Why a signaling molecule suppresses cancer cell growth only if it’s produced in the nucleus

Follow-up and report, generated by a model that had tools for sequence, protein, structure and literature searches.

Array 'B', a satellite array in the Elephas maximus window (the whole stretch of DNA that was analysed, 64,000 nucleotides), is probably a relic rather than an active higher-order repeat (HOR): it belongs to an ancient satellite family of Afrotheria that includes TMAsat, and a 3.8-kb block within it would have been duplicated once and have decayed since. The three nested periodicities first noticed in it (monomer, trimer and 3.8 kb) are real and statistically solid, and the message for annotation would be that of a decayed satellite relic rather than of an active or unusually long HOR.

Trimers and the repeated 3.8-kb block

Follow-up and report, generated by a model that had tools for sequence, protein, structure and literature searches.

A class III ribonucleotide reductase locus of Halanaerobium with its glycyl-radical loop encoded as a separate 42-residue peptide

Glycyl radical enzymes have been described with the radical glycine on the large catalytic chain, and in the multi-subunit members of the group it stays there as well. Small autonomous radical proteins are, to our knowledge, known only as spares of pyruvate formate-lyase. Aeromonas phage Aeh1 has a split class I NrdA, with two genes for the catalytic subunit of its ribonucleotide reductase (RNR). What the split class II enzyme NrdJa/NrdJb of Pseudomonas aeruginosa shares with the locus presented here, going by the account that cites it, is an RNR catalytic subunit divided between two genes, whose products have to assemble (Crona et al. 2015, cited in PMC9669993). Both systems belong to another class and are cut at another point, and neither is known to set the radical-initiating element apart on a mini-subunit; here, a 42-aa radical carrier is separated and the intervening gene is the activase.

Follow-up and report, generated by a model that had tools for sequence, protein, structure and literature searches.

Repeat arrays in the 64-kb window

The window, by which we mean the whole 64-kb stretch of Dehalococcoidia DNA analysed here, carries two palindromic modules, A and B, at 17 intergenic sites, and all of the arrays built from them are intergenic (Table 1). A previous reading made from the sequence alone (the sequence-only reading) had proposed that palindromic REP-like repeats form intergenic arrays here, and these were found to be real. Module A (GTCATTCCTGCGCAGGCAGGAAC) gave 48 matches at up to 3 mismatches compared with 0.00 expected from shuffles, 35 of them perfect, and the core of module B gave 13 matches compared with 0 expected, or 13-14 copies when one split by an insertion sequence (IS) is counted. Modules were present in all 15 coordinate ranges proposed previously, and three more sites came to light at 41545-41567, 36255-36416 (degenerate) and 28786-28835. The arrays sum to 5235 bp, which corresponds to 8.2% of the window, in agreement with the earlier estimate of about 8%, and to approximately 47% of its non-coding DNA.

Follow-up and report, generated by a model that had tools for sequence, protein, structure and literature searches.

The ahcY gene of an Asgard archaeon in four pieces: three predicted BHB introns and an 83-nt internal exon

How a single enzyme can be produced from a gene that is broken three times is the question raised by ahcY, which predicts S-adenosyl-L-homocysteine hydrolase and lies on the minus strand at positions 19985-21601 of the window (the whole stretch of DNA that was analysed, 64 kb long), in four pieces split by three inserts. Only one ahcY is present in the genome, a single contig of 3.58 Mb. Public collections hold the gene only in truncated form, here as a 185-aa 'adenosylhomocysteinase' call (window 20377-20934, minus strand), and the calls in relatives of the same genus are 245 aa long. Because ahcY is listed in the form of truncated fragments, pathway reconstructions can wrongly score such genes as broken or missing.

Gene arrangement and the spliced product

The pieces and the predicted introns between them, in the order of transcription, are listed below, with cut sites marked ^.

A study co-led by Ludwig Weill Cornell’s (formerly MSK) Taha Merghoub uncovered how a signaling molecule known as cyclic AMP (cAMP) either stimulates or suppresses tumor growth depending on where it is produced within the cell. To do that, the researchers developed a new, tunable method to target cAMP signaling to distinct compartments in cancer cells in culture and in mice. Taha and his colleagues reported in a September issue of Cell Reports that cAMP signaling generated distinct gene expression profiles depending on its intracellular location. They found that cAMP production in the nucleus suppresses tumor growth in a wide variety of cancers. It does so, they showed, through a previously unknown effect it has on the Hippo signaling pathway, which drives cancer cell proliferation and invasion: cAMP inhibits a key effector protein of that pathway known as YAP. The findings suggest that pharmacologically boosting cAMP levels in the nucleus could represent a new cancer therapy. One approach to doing so might be to target an enzyme known as phosphodiesterase, which breaks down cAMP, perhaps using one of several candidate drugs that are already in clinical use. The trick, of course, would be finding—or making—one that works mainly in the cell’s nucleus.